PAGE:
- 15 Apr 20
Another One Cleanly Over The Boundary For Mr Hunter
If you need any kind of assurance as to James Hunter’s bona fides, then ask Van Morrison, who lent his vocal backing to Hunter’s …Believe What I Say solo debut - there were albums with the marvellously named Howlin’ Wilf & The Vee-Jays before that - back in 1996. Morrison gave Hunter a start too, and you can hear him in the background on Van’s Days Like These. Things went up and down for Hunter in the interim – he was Grammy nominated for 2006’s People Gonna Talk, then he was back labouring to pay the bills. He’s been with Daptone – a label who know a thing or two about rhythm n’ blues - since 2016 and this, his third album for the Brooklyn independents, is, like the previous Whatever It Takes, a winner.
What we’re talking about here is the kind of soulful R&B that was knocking around in the fifties and early sixties before The Beatles came along and ruined everything. Hunter’s voice evokes that of Ray Charles in his prime, and the band recall those precious Atlantic sides as well as the sound Georgie Fame was peddling in the mid sixties before the world went the other way.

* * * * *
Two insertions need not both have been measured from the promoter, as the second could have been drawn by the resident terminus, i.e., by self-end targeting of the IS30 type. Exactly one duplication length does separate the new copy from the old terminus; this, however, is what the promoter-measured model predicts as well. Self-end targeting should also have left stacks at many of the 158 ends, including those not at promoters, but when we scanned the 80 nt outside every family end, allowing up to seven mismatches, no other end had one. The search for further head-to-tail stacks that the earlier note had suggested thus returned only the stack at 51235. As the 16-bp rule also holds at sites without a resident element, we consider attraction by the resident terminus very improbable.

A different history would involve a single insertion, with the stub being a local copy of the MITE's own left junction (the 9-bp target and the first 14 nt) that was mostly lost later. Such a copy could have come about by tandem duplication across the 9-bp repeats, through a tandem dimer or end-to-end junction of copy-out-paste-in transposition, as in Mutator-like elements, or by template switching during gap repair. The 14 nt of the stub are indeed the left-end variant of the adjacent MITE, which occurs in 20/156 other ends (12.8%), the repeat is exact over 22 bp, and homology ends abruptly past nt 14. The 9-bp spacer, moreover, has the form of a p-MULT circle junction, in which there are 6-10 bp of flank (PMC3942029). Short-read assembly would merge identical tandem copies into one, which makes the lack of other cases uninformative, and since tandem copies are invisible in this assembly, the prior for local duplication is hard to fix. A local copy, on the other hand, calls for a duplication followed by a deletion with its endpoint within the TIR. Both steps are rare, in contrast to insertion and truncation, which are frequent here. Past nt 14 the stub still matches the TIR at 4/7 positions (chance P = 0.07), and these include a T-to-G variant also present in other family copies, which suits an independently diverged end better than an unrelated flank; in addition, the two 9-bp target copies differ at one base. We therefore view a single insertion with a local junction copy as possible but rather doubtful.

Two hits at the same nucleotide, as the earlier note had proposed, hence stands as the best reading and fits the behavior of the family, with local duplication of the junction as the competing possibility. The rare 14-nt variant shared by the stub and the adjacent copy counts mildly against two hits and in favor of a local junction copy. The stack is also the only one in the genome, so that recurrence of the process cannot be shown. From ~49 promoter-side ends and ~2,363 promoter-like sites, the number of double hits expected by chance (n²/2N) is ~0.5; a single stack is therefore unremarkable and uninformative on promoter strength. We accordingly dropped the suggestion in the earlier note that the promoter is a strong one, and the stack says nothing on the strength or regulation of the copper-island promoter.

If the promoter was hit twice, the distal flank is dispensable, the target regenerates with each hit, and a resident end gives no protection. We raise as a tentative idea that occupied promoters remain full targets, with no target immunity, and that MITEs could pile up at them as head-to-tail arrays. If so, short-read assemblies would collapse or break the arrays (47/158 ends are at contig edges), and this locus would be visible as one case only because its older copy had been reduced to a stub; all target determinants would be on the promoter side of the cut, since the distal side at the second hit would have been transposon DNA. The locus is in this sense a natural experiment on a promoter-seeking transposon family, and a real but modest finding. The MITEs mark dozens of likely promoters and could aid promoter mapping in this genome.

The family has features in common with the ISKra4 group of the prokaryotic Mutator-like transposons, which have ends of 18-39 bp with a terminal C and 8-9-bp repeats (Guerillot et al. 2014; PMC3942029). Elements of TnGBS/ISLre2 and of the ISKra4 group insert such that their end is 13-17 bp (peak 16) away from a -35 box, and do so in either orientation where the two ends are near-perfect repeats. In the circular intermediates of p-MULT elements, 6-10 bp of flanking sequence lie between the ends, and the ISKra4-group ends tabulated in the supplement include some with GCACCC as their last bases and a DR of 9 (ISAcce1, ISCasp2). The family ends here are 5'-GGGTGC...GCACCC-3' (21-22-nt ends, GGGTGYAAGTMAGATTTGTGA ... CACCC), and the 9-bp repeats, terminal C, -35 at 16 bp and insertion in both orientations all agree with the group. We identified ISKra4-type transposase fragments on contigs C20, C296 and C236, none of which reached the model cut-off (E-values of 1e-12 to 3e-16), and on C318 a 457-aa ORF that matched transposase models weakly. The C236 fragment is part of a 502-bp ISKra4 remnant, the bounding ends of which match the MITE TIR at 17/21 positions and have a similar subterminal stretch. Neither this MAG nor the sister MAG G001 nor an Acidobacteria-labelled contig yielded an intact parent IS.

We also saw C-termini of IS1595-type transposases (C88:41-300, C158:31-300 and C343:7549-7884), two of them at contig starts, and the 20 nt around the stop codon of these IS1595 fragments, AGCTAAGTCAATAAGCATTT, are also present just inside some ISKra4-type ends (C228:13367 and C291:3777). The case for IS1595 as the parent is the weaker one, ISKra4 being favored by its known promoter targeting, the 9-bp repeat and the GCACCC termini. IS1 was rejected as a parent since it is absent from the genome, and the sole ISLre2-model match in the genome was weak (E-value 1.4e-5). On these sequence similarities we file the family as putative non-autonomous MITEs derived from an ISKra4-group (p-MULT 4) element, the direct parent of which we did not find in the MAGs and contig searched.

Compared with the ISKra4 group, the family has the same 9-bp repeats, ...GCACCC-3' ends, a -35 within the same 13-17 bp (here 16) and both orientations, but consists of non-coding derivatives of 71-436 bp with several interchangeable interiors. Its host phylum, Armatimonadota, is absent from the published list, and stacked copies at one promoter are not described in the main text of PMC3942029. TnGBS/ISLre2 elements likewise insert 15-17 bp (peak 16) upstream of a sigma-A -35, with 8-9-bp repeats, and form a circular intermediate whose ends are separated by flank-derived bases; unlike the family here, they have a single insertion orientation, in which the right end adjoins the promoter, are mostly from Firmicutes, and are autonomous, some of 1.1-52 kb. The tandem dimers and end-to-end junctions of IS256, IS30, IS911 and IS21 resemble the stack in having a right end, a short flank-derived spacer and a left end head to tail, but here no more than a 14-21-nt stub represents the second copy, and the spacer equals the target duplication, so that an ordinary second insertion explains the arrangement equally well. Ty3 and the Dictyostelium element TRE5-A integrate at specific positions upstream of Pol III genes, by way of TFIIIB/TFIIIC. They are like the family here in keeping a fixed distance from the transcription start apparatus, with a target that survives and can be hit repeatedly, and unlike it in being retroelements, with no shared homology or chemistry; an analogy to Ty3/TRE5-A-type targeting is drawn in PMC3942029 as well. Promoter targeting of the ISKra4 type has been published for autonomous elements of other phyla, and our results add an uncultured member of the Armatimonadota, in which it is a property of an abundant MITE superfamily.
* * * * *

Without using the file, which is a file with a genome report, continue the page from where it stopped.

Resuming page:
The rumba of ‘I Can Change Your Mind’ shuffles in over güiro, toms and honking sax as Hunter convincingly pleads his case, ‘Who’s Fooling Who’ might be a very distant cousin of the Impressions’ ‘Gypsy Woman’, and ‘Till I Hear It From You’ cops a feel of Dave Brubeck’s ‘Take Five’ with added chromatic harmonica. The smooth soul groove of ‘Never’ is the only thing here that even approaches four minutes, but we’ll let it off as it’s a lovely song, and the title track has got to be a previously unheard Ray Charles vocal that someone found in a drawer. Just in case we forgot, Hunter also reminds us of his guitar chops on ‘Ain’t Goin’ Up In One Of Those Things’
‘Paradise For One’ – “solitaire means I don’t have to share” – finds our man avoiding the altar, but that’s not even the best lyric here. How about this, from ‘Can’t Help Myself’: “If monkeys ruled the planet by 2902, they’ll have written Hamlet before I get over you’? Get that Novello lad on the phone! Nick Of Time is good to the last drop too, finishing as it does with the sweet and gentle ‘He’s Your Could’ve Been’.
While this music harks back to what was perhaps a simpler time, it is far from simplistic. Rather, it juggles perfect execution with some real soul, which is no mean feat. Hats – and by hats, I mean fedoras or pork pie numbers, worn at a jaunty angle – off.